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Interception
In ball-playing competitive team sports, an interception or pick is a move by a player involving a pass of the ball—whether by foot or hand, depending on the rules of the sport—in which the ball is intended for a player of the same team but caught by a player of the opposing team, who thereby usually gains possession of the ball for their team
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Stickum
Stickum is a trademark adhesive of Mueller Sports Medicine, of Prairie du Sac, Wisconsin, United States. It is available in powder, paste and aerosol spray forms. According to the company website, the spray form is "excellent for bat handles and vaulting poles." Many vendors also promote the product for use by weightlifters, and for various other athletic applications. Stickum, along with other adhesive or "sticky" substances (such as glue, rosin (tree sap), or food substances), were used for years in the National Football League
National Football League
to assist players in gripping the ball. The use of adhesives such as Stickum was banned by the league in 1981, and the resulting action became known as the "Lester Hayes rule" in association with the Oakland Raiders
Oakland Raiders
defensive back known for his widespread use of Stickum
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New England Patriots
American Football League
American Football League
(1960–1969)Eastern Division (1960–1969) National Football League
National Football League
(1970–present)
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National Football League
The National Football League
National Football League
(NFL) is a professional American football league consisting of 32 teams, divided equally between the National Football Conference (NFC) and the American Football Conference
American Football Conference
(AFC). The NFL is one of the four major professional sports leagues in North America, and the highest professional level of American football
American football
in the world.[3] The NFL's 17-week regular season runs from early September to late December, with each team playing 16 games and having one bye week
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Minnesota Vikings
National Football League
National Football League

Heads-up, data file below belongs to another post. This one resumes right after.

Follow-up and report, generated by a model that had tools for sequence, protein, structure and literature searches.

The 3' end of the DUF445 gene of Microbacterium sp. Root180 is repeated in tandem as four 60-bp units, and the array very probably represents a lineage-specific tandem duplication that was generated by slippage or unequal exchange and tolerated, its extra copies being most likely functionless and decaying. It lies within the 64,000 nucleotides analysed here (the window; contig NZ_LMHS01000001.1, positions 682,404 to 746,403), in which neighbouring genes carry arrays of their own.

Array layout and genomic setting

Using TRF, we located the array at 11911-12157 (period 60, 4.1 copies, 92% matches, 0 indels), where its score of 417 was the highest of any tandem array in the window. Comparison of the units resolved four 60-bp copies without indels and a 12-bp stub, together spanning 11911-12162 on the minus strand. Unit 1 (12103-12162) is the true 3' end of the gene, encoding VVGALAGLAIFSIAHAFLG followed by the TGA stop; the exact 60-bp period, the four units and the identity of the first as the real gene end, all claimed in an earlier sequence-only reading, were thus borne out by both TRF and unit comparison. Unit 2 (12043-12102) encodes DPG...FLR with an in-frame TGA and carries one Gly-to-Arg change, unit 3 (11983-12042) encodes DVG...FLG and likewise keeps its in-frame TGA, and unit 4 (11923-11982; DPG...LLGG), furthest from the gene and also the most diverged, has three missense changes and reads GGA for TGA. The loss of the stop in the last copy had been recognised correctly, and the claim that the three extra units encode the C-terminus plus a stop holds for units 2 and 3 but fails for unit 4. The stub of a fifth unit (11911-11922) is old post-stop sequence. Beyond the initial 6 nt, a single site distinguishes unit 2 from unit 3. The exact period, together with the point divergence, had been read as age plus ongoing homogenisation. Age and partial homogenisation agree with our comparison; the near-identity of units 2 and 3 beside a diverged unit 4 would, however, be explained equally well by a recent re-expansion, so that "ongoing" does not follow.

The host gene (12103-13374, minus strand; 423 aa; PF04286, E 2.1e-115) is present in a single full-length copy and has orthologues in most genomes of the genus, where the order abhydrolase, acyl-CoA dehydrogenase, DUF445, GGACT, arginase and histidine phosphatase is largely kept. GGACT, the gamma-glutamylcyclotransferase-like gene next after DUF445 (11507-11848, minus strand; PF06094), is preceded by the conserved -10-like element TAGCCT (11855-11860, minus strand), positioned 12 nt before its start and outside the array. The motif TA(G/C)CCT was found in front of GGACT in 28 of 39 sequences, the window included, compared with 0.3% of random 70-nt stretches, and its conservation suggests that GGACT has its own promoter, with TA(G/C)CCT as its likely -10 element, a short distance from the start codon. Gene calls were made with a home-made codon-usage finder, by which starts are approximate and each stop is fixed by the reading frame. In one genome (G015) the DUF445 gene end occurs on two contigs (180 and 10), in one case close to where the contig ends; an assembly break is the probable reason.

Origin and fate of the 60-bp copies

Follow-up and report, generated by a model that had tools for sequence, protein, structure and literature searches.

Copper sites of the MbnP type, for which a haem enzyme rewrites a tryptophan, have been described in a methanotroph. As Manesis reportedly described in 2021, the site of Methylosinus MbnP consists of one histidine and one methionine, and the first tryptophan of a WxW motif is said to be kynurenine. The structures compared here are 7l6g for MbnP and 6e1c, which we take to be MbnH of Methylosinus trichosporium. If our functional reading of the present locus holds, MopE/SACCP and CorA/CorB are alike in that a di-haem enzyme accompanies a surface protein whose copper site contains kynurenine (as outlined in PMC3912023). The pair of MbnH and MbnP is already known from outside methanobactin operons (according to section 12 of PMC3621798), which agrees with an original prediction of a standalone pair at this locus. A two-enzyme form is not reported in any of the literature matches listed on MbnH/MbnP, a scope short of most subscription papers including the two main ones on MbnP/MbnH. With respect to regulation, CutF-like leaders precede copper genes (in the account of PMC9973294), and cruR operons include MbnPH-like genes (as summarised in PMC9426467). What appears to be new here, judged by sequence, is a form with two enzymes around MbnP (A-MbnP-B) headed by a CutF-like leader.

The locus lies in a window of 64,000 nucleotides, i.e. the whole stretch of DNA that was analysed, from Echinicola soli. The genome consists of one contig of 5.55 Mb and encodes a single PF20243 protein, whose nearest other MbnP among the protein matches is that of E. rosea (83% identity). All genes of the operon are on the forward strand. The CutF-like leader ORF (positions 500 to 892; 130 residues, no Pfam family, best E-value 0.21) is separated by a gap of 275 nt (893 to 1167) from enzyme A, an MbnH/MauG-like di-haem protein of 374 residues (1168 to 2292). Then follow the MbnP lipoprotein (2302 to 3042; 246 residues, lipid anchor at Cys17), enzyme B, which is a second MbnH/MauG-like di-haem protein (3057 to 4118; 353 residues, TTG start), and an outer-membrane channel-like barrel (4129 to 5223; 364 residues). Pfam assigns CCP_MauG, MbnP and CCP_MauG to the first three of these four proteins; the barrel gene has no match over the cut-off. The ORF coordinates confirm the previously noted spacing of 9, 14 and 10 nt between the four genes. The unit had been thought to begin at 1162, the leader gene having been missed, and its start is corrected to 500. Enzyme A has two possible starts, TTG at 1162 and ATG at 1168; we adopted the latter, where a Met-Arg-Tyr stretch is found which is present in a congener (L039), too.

(1961–present)Western Conference (1961–1969)Central Division (1967–1969) National Football Conference
National Football Conference

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Super Bowl
The Super Bowl
Super Bowl
is the annual championship game of the National Football League (NFL). The game is the culmination of a regular season that begins in the late summer of the previous calendar year. Normally, Roman numerals
Roman numerals
are used to identify each game, rather than the year in which it is held. For example, Super Bowl I
Super Bowl I
was played on January 15, 1967, following the 1966 regular season. The sole exception to this naming convention tradition occurred with Super Bowl 50, which was played on February 7, 2016, following the 2015 regular season, and the following year, the nomenclature returned to Roman numerals for Super Bowl
Super Bowl
LI, following the 2016 regular season
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Kansas City Chiefs
American Football League
American Football League
(1960–1969)Western Division (1960–1969) National Football League
National Football League
(1970–present) American Football Conference
American Football Conference
(1970–present) AFC West (1970–present)Current uniformTeam colorsRed, Gold, White[2][3]               Mascot Warpaint (1963–1988, 2009–present) K. C. Wolf
K. C

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Blocking (American Football)
In American football, blocking or interference (or running interference) involves legal movements in which one player obstructs another player's path with their body. The purpose of blocking is to prevent defensive players from tackling the ball carrier, or to protect a quarterback who is attempting to pass or hand off the ball. Offensive linemen and fullbacks tend to do the most blocking, although wide receivers are often asked to help block on running plays and halfbacks may be asked to help block on passing plays, while tight ends perform pass blocking and run blocking if they are not running routes to receive passes
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Screen Pass